What connects patients forced to buy marijuana on the black market with a drug trafficker who hides a wide variety of weapons and ammunition in a suitcase? And what does consumers have to do with a journalist who receives death threats from drug cartels?

I have been trying to find an answer by documenting the consequences of Prohibition. At the beginning of the twentieth century Italy was among the world’s leading producers of hemp and the largest in Europe, with almost 100 thousand hectares of its soil dedicated to hemp cultivation. Then, in the ‘50s, the implementation of the “Marijuana Tax Act” in the USA caused the disappearance of industrial hemp and the arrival of synthetic petroleum-based fibers on the market. Nowadays, there are entrepreneurs committed to restarting the legal business of industrial hemp; sick people who have difficulty to get access to the medicine; the endless “war on drugs” and even staff members of the Military Chemical-Pharmaceutical Plant who grow marijuana in Italy, which is then sold for therapeutic purposes. Amidst this chaos, the monopoly of the cannabis business belongs to organized crime, which sells up to 3 thousand tonnes of cannabinoids a year, to the value of around 7 billion euro. In the last decade Albania has become the largest producer of outdoor-grown cannabis in Europe. The plant was a godsend for farmers in the village of Lazarat till 2014, when a major raid carried out by the Albanian authorities destroyed the local production, but the “green gold” industry won’t collapse easily, despite the fact that Albania continues to receive assistance to enhance its drug enforcement capacities. It’s like the tail wagging the dog. Some countries are benefiting from the end of Prohibition against cannabis, but its continuation elsewhere is one of the primary cause of intimidation against journalists and police, while violence and corruption acts are used to divert state apparatus and politicians. People in poor health, associations and a few enlightened doctors have, for a number of years now, been trying to recover the precious legacy of therapeutic cannabis. From its ability to ease nausea caused by aggressive treatments like chemotherapy, to muscle tightness and dealing with spasms, right up to studies that have been conducted on the anti-tumor properties of one of its cannabinoid constituents (THC), today cannabis is back to being a treatment both promising but, regrettably, difficult to obtain, particularly for sick people. This is a violation of their right to health, which is a fundamental part of our human rights and has been enumerated in international agreements which include the Universal Declaration of Human Rights.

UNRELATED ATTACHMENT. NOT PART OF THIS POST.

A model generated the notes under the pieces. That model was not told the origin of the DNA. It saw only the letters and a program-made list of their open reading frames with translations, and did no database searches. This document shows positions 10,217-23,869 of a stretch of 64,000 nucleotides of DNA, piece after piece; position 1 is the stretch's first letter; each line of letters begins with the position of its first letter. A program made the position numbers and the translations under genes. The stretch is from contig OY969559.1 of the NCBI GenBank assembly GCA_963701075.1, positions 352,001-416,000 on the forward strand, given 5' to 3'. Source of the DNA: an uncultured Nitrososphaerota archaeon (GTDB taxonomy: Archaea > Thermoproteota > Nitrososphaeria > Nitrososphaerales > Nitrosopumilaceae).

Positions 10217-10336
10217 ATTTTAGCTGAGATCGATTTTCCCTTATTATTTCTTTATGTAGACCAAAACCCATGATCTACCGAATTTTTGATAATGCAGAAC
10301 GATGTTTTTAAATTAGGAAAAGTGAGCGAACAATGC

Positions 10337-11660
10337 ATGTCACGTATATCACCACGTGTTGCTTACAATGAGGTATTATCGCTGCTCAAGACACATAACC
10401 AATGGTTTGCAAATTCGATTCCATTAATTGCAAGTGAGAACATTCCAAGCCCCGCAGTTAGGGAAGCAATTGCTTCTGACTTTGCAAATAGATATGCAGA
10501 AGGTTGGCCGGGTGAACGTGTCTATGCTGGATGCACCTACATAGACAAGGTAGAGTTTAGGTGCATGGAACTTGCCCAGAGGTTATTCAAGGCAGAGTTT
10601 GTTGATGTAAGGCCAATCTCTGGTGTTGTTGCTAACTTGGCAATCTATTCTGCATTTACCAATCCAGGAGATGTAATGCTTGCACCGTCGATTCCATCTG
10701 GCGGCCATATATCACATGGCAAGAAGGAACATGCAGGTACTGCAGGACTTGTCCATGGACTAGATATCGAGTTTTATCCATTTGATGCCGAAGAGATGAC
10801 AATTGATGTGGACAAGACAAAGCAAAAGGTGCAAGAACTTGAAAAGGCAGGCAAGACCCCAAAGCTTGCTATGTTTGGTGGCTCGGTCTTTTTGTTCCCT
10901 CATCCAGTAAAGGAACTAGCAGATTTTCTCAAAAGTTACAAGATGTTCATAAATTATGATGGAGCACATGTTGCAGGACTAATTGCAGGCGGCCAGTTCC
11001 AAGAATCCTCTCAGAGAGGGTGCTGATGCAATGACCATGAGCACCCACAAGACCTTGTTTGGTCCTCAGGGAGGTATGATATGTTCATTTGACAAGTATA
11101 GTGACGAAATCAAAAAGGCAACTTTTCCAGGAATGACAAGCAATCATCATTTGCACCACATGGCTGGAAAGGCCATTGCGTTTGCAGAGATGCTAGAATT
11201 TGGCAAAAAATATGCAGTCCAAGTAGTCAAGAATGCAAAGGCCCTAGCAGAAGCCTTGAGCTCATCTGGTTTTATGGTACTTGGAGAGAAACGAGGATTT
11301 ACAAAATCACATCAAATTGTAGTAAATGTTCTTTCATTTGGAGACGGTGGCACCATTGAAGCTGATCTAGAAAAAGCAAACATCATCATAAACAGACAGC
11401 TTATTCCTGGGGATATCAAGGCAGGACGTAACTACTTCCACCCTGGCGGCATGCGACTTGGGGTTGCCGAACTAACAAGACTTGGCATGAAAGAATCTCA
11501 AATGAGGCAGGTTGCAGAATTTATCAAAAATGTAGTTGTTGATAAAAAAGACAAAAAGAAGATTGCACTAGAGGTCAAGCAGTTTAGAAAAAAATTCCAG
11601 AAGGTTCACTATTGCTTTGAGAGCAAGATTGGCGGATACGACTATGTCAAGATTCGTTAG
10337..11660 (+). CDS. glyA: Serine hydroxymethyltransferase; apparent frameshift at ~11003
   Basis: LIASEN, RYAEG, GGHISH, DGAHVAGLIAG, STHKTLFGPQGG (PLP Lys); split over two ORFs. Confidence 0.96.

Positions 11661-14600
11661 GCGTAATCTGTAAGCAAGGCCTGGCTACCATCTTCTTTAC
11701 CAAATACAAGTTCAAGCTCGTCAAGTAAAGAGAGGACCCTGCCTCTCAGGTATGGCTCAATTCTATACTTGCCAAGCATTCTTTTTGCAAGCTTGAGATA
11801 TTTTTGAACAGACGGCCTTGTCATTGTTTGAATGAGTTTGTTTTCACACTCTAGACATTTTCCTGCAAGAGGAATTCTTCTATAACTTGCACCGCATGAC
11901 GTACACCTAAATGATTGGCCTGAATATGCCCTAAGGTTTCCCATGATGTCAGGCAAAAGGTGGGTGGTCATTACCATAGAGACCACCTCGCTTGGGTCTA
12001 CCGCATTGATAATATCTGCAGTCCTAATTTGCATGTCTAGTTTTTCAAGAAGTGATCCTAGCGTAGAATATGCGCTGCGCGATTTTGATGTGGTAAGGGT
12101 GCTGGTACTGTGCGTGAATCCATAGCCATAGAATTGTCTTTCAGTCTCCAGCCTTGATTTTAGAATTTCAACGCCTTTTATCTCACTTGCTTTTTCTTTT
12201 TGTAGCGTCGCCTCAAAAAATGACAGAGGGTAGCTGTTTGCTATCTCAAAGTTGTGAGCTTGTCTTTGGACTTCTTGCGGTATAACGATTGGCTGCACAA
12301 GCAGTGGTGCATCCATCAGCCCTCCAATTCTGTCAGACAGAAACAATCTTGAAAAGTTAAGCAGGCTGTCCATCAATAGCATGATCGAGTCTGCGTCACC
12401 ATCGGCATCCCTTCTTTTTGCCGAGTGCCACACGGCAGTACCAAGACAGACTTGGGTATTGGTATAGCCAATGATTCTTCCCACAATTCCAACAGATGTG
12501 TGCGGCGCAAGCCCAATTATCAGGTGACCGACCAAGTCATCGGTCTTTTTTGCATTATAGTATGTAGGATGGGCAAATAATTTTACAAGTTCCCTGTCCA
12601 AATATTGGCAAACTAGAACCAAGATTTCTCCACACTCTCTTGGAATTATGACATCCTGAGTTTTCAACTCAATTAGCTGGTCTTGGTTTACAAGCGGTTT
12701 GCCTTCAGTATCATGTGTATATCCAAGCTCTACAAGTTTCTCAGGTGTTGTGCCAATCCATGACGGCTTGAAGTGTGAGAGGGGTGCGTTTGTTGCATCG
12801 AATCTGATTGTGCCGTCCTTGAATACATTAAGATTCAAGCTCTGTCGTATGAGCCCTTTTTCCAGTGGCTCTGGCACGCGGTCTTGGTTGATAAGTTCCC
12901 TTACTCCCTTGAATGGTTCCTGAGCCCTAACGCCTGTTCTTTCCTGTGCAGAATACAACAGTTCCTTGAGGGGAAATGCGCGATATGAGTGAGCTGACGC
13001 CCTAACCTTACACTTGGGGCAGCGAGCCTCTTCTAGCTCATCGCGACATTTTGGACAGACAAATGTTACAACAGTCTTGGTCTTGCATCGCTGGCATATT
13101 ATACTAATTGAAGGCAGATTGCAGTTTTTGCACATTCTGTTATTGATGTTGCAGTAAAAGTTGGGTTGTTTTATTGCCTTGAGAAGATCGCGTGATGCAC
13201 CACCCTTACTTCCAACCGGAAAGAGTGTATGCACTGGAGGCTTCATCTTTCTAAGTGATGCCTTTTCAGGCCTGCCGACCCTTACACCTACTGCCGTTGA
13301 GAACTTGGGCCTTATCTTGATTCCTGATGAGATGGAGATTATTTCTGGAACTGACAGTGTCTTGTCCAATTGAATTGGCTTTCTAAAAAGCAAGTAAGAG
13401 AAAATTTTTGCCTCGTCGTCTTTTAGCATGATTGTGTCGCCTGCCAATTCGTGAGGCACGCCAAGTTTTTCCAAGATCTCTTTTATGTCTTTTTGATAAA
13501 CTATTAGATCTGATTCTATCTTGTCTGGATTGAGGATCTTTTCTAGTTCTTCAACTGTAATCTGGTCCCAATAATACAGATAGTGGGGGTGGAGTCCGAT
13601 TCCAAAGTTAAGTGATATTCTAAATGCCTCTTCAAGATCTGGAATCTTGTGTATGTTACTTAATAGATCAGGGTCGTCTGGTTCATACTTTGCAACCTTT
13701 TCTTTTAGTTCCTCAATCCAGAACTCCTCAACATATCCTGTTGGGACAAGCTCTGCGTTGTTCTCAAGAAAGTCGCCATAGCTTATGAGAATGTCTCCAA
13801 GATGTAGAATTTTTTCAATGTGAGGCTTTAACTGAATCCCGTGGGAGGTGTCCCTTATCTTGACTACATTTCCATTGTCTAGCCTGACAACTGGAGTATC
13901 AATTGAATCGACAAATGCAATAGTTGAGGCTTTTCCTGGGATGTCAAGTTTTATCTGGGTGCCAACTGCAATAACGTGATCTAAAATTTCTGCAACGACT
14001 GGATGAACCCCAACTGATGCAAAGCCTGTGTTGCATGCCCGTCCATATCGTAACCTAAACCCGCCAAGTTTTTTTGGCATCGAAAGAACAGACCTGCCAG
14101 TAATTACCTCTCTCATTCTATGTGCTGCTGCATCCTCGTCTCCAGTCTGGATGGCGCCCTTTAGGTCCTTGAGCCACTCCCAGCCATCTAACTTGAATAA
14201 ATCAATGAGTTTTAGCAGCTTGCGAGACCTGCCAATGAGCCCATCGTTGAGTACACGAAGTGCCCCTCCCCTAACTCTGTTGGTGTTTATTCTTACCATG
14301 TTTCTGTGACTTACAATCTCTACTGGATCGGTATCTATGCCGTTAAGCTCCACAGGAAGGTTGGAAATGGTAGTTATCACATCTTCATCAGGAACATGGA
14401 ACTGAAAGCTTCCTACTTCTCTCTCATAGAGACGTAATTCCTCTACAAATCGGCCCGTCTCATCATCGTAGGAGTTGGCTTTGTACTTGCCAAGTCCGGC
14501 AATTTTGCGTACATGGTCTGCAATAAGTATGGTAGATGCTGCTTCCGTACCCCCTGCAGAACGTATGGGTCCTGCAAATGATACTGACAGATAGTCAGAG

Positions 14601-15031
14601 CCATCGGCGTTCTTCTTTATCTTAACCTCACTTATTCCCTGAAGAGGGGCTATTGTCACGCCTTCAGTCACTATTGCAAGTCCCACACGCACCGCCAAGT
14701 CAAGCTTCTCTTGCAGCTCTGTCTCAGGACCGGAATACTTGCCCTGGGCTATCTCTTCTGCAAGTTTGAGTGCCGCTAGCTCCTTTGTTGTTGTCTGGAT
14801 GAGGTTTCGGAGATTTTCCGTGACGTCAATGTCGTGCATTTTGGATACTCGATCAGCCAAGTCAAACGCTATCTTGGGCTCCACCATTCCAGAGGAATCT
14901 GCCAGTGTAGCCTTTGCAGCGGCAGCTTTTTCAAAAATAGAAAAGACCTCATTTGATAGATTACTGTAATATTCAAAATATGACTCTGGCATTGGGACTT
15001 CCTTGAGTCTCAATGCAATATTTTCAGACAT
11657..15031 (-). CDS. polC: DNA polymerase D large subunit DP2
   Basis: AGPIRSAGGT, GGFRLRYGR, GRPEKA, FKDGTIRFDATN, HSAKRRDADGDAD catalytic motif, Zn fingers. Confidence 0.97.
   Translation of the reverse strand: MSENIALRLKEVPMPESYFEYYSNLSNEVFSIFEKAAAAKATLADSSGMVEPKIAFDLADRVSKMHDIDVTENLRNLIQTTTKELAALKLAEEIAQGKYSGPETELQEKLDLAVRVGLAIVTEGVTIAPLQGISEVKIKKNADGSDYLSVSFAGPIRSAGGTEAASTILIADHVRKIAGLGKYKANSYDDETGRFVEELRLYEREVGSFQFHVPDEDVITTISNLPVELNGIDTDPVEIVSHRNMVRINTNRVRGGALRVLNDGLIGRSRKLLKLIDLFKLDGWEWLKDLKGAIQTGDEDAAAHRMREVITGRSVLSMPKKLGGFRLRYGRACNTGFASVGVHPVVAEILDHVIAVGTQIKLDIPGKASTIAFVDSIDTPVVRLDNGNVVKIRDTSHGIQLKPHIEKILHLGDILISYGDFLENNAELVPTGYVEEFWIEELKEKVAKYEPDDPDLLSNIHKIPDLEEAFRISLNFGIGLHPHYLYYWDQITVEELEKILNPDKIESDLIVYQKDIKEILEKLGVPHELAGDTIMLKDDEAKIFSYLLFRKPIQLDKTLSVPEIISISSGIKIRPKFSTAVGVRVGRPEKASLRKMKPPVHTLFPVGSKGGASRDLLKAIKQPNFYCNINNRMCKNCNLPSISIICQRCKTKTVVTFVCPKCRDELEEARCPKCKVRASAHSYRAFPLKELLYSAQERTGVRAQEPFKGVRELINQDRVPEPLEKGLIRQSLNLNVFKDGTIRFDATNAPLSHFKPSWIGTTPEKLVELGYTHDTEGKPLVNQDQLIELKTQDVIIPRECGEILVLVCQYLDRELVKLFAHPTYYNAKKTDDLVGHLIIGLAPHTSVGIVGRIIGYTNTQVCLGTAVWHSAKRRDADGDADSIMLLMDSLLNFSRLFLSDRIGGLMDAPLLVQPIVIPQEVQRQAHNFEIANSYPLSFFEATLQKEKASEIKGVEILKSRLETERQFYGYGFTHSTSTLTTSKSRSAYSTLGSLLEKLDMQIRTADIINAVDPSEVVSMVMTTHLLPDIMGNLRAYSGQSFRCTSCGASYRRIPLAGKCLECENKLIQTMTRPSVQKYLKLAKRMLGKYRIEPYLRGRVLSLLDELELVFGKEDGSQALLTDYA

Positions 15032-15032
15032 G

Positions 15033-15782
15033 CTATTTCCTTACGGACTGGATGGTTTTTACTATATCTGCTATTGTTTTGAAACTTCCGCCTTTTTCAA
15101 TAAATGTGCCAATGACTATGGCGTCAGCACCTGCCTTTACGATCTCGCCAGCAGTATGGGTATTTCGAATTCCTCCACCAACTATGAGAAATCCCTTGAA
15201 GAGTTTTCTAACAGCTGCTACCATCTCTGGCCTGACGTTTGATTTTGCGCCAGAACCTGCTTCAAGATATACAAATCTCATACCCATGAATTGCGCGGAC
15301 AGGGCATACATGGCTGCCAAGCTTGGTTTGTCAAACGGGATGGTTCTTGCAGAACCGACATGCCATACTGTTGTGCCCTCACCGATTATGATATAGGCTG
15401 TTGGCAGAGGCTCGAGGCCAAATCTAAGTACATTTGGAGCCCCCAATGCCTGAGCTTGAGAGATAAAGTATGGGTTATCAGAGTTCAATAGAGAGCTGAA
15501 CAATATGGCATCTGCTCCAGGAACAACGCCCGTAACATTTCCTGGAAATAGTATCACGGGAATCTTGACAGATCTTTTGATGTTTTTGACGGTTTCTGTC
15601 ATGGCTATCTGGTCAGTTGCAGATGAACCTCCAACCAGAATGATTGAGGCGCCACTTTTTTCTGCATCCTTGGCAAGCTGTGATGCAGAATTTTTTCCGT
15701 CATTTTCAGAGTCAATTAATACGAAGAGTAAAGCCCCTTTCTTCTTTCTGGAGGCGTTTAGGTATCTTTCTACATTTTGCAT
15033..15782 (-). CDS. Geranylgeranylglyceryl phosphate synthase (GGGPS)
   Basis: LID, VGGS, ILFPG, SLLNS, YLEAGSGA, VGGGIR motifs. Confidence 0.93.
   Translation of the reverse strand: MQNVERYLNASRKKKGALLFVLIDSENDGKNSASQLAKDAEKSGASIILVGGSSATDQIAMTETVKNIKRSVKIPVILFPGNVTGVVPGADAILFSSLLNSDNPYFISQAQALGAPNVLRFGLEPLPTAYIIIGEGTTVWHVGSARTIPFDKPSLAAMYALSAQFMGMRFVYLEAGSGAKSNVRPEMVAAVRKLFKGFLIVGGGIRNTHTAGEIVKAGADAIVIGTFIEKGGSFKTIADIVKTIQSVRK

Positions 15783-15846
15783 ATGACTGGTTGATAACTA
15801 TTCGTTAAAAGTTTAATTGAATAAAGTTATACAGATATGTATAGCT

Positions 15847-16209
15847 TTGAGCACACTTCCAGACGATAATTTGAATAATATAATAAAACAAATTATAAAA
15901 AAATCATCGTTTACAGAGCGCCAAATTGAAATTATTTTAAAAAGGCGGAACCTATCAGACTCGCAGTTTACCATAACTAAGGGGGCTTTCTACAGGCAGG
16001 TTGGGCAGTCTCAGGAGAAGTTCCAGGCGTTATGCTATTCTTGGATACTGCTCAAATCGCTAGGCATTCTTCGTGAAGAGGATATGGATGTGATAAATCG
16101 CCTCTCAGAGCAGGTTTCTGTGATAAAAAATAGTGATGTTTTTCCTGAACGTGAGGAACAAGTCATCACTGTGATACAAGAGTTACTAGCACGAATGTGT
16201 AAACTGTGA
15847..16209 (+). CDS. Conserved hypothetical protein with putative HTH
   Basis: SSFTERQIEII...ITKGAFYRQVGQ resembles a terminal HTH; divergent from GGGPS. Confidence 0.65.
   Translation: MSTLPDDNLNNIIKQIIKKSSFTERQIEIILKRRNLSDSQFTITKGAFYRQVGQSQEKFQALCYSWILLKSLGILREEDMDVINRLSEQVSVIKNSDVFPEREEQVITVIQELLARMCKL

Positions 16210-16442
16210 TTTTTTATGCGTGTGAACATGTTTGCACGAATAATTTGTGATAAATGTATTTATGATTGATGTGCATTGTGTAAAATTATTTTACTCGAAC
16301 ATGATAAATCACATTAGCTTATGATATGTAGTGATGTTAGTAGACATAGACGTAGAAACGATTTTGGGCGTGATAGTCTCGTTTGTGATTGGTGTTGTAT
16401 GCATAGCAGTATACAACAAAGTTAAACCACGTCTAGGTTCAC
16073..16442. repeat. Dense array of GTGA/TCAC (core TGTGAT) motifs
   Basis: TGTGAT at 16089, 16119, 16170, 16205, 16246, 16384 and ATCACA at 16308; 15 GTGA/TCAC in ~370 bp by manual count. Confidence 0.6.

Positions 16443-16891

GREEN GOLD (2016-2018)